Artists impression of water under the Martian surface (ESA 2001. Illustration by Medialab)
Instruments on the Mars Express orbiter can observe selected areas of the Martian surface (ESA 2001. Illustration by Medialab)
"The presence of such a large amount of water ice under Mars`s surface is very surprising. Especially so close to the surface!" says Gerhard Schwehm, Head of the Planetary Missions Division at ESA. The team working on ESA`s Mars Express, the next mission to the Red Planet, is thrilled by NASA`s Mars Odyssey detection of hydrogen-rich layers under the Martian surface. This hydrogen indicates the presence of water ice in the top surface of the Martian soil in a large region surrounding the planet`s south pole. ESA`s Mars Express, ready for launching in June 2003, has the tools for searching much deeper below the surface, down to a few kilometres.
"Mars Express will give a more global picture of where the water is and how deep," says Patrick Martin, ESA deputy project scientist for the Mars Express mission.
The radar sounder on board Mars Express, MARSIS, will map the subsurface structure from a depth of about a hundred metres to as much as a few kilometres. This is in contrast with the Mars Odyssey, which can sense surface compositions to a depth of only one metre.
Clovis De Matos | alphagalileo
Astronomers find unexpected, dust-obscured star formation in distant galaxy
24.03.2017 | University of Massachusetts at Amherst
Gravitational wave kicks monster black hole out of galactic core
24.03.2017 | NASA/Goddard Space Flight Center
Astronomers from Bonn and Tautenburg in Thuringia (Germany) used the 100-m radio telescope at Effelsberg to observe several galaxy clusters. At the edges of these large accumulations of dark matter, stellar systems (galaxies), hot gas, and charged particles, they found magnetic fields that are exceptionally ordered over distances of many million light years. This makes them the most extended magnetic fields in the universe known so far.
The results will be published on March 22 in the journal „Astronomy & Astrophysics“.
Galaxy clusters are the largest gravitationally bound structures in the universe. With a typical extent of about 10 million light years, i.e. 100 times the...
Researchers at the Goethe University Frankfurt, together with partners from the University of Tübingen in Germany and Queen Mary University as well as Francis Crick Institute from London (UK) have developed a novel technology to decipher the secret ubiquitin code.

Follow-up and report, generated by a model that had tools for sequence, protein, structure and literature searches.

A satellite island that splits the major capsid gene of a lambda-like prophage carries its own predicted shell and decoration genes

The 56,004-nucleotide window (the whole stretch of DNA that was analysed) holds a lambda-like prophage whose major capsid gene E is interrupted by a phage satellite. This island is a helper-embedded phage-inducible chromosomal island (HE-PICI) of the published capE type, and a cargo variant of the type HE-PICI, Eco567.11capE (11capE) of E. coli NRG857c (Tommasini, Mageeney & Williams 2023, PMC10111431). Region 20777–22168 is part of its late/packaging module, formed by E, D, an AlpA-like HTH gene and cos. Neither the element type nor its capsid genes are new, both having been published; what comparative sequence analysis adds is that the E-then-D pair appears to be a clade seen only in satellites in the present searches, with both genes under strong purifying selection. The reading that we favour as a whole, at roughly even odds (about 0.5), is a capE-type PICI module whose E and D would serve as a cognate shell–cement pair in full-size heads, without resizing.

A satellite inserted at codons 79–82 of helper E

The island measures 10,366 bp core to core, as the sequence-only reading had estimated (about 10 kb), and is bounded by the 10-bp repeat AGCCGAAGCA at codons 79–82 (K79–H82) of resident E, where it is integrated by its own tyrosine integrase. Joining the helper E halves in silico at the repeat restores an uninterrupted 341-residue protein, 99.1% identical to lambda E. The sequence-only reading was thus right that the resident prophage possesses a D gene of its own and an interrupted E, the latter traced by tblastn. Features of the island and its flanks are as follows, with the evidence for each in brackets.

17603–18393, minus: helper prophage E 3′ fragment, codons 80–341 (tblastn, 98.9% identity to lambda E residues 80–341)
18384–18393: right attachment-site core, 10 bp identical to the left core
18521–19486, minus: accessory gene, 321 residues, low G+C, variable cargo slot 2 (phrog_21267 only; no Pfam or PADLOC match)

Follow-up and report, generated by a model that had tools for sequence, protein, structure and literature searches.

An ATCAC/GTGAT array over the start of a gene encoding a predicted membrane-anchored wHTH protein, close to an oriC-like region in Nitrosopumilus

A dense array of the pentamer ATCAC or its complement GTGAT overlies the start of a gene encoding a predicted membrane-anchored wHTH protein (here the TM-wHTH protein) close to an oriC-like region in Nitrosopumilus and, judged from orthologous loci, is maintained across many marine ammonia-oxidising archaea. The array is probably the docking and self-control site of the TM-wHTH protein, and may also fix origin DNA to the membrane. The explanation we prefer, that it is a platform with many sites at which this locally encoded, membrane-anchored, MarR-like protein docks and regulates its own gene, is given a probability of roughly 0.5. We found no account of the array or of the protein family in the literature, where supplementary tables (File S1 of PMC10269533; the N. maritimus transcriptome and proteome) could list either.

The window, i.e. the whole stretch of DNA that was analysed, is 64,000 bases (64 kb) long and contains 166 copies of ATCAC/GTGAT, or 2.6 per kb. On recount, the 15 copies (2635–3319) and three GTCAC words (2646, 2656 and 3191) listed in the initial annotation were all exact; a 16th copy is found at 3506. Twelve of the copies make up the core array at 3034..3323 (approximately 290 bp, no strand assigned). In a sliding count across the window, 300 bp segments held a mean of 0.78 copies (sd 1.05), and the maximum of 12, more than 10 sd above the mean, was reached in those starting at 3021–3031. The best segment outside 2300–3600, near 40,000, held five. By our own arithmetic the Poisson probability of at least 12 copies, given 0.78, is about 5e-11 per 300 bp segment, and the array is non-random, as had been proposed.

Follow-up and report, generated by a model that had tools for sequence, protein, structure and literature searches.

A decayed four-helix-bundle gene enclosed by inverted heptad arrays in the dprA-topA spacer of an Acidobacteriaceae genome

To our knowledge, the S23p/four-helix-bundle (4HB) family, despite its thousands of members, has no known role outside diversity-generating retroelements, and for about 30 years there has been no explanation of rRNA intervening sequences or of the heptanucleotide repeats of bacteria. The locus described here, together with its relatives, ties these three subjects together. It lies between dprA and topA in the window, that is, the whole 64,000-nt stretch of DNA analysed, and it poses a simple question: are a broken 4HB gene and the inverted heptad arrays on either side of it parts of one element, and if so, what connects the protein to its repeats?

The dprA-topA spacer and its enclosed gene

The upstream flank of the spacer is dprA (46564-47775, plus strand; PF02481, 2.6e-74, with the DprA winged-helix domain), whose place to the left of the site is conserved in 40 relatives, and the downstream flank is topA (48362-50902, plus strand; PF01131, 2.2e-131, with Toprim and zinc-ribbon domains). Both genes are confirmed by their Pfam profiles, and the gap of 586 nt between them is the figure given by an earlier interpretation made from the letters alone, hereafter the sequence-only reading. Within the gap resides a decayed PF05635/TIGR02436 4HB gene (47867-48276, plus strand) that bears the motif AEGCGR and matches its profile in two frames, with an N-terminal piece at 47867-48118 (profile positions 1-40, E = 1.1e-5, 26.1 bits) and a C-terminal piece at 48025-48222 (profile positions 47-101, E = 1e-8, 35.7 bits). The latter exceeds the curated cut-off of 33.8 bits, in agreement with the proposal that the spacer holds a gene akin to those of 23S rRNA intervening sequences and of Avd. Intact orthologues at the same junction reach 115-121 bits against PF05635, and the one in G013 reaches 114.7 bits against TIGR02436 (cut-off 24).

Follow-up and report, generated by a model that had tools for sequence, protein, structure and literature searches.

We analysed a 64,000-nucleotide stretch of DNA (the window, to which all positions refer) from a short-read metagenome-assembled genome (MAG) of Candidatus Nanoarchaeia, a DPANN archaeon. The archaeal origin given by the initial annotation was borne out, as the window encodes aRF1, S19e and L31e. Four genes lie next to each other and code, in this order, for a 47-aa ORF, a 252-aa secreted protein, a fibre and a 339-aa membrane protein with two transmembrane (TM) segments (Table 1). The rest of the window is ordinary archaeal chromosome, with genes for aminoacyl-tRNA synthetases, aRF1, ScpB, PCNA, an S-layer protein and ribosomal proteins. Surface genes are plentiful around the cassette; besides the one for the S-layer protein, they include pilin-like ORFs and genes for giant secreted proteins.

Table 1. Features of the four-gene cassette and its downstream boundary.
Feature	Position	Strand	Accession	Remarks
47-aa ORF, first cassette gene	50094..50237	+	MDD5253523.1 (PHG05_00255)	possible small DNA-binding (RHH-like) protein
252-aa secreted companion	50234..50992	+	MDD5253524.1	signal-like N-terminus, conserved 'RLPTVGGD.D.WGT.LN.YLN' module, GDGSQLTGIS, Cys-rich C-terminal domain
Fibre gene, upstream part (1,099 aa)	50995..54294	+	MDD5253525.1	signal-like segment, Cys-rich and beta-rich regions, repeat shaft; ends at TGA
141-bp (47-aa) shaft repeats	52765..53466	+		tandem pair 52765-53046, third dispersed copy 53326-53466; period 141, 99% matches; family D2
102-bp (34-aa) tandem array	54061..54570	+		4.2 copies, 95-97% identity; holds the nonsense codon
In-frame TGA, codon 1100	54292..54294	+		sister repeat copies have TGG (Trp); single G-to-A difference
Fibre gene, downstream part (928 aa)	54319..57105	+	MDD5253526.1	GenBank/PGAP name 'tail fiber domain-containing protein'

Ubiquitin is a small protein that can be linked to other cellular proteins, thereby controlling and modulating their functions. The attachment occurs in many...
In the eternal search for next generation high-efficiency solar cells and LEDs, scientists at Los Alamos National Laboratory and their partners are creating...
Silicon nanosheets are thin, two-dimensional layers with exceptional optoelectronic properties very similar to those of graphene. Albeit, the nanosheets are less stable. Now researchers at the Technical University of Munich (TUM) have, for the first time ever, produced a composite material combining silicon nanosheets and a polymer that is both UV-resistant and easy to process. This brings the scientists a significant step closer to industrial applications like flexible displays and photosensors.
Silicon nanosheets are thin, two-dimensional layers with exceptional optoelectronic properties very similar to those of graphene. Albeit, the nanosheets are...
Enzymes behave differently in a test tube compared with the molecular scrum of a living cell. Chemists from the University of Basel have now been able to simulate these confined natural conditions in artificial vesicles for the first time. As reported in the academic journal Small, the results are offering better insight into the development of nanoreactors and artificial organelles.
Enzymes behave differently in a test tube compared with the molecular scrum of a living cell. Chemists from the University of Basel have now been able to...
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24.03.2017 | Physics and Astronomy